Of the 352 patients who underwent curative resection for CRC, 177 (50.3%) were diagnosed with POA. No significant difference was detected between the two groups regarding gender and age. The median haemoglobin value was 10.7 (6.1-11.9) g/dl in POA patients while it was 13.6 (12-18) g/dl in the non-POA group. In the POA group, an average of 2.9 (2-4) units of blood was transfused to 56 (31.6%) patients with a haemoglobin value below 10 g/dl in the preoperative period. Regarding the localization of tumor, the patients with tumors on the right colon were more statistically significant in terms of POA (p < 0.05). There was no significant difference between the two groups in terms of ASA score, presence of ostomy and tumor stage. However, it was observed that conventional approach rather than laparoscopic surgery was preferred for patients with POA (p < 0.05) [Table 1]. Patients with POA had a higher rate of hypertension and coronary artery disease compared to patients without POA (p < 0.05) [Table 2]. In patients with POA, surgical site infection and need for intensive care were statistically significant in the postoperative period compared to patients without POA (p < 0.05, P < 0.01, respectively). However, there was no significant difference between the two groups regarding pulmonary complications, renal complications, anastomotic leaks, and need for re-operation in the postoperative period [Table 3].{Table 1}{Table 2}{Table 3}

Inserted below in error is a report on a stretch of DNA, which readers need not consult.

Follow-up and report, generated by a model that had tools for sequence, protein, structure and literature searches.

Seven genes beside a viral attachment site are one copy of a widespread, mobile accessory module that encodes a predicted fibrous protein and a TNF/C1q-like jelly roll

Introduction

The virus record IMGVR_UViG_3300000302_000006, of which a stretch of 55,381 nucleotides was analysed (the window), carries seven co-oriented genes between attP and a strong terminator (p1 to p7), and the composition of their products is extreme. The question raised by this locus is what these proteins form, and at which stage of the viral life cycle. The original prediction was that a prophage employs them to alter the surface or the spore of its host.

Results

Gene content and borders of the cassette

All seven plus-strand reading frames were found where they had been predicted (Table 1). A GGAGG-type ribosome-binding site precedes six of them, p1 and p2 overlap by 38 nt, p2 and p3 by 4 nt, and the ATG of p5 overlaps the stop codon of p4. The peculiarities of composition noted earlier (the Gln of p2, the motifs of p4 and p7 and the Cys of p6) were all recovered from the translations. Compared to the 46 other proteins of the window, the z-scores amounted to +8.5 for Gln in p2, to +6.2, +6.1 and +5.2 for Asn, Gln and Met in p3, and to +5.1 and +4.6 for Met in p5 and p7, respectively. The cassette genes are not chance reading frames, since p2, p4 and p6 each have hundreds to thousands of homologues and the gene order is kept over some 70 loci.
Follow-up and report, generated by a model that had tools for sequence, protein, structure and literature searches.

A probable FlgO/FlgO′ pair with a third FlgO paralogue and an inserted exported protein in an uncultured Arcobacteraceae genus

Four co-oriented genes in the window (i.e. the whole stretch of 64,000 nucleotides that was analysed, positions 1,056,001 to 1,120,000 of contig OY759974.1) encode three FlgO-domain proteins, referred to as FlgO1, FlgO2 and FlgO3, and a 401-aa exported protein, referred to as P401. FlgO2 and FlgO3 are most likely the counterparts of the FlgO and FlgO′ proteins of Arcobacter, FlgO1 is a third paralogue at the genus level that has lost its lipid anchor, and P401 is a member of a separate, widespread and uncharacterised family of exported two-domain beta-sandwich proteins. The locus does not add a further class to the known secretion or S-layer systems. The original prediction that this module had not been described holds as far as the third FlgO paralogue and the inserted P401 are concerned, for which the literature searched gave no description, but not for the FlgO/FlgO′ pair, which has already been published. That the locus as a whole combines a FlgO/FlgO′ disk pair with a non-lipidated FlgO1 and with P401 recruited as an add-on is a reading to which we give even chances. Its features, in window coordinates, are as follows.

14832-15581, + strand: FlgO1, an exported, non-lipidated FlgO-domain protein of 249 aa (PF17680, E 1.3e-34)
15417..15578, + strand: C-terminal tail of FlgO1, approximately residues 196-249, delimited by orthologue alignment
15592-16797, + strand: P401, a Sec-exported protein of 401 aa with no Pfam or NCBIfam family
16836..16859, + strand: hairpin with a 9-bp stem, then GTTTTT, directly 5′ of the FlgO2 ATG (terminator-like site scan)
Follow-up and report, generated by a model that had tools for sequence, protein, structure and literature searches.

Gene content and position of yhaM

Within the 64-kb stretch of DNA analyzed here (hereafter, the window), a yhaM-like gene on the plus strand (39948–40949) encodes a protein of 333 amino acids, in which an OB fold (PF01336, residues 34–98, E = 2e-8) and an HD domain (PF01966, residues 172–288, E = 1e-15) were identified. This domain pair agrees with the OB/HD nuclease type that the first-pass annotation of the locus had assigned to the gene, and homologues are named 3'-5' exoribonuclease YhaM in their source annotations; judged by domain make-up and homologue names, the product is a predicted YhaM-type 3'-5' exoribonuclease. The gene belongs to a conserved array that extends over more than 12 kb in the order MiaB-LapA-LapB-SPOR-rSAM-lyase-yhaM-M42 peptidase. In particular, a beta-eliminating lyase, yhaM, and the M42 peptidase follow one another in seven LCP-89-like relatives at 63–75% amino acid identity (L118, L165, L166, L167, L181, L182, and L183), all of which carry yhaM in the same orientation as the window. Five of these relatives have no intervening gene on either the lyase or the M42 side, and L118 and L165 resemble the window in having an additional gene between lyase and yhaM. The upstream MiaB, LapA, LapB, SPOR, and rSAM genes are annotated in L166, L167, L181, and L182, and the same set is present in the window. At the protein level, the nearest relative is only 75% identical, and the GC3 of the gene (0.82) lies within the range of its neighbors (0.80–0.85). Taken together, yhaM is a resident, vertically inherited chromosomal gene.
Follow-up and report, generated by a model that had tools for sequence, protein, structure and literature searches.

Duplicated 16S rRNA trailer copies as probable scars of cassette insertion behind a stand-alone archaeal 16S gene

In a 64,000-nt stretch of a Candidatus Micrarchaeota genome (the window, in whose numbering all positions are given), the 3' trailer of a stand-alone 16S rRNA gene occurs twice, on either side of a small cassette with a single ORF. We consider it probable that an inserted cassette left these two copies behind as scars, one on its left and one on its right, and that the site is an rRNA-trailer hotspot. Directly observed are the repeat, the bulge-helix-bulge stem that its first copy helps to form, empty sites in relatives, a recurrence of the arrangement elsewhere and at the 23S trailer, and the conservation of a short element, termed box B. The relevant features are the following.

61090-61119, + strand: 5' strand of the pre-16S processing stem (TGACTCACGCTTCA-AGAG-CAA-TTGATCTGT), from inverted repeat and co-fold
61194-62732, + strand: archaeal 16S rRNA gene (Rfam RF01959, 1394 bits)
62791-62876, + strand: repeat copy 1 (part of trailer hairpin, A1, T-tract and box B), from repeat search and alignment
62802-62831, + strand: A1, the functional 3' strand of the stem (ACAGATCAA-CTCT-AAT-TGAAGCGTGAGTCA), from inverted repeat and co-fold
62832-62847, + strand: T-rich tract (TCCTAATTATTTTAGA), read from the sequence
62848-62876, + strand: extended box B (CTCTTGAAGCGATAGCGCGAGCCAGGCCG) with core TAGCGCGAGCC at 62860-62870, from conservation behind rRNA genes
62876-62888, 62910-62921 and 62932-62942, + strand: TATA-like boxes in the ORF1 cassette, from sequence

Discussion



CRC is often associated with anaemia, and it has been reported that approximately 40% of newly diagnosed cases are anaemic and that the incidence of anaemia is higher in patients with advanced CRC.[14] The cause of such anaemia is generally iron deficiency secondary to chronic blood loss or iron deficiency due to impaired utilization of iron stores following iron sequestration and functional iron deficiency.[10],[15] Anaemia has been shown to be a risk factor for postoperative complications and extended hospital stays in CRC patients.[16] POA is associated with postoperative complications and particularly with surgical wound site infection after major surgeries.[8],[17]

Anaemia is closely associated with deterioration in long-term disease-free survival and overall survival in cancer patients.[18] However, there is not enough data in the literature regarding the effects of POA after CRC surgery. Our study aimed to retrospectively analyse the relationship between POA and postoperative complications in patients with CRC that underwent elective surgery. More than half of patients with CRC are anaemic on their first admission to hospital, and two-thirds of them have moderate to severe anaemia.

There are various factors that play a role in the formation of anaemia in patients with CRC. Chronic blood loss and the resulting iron deficiency are the most significant factors for anaemia.[16] Other factors include advanced age, gender, and localization, size and grade of the tumor. Patients with colon cancer present with higher rate of POA than patients with rectal cancer. In our study, half of our patients were anaemic, which is consistent with the literature. However, we did not identify a statistically significant difference in the incidence of anaemia for age, gender and advanced grade.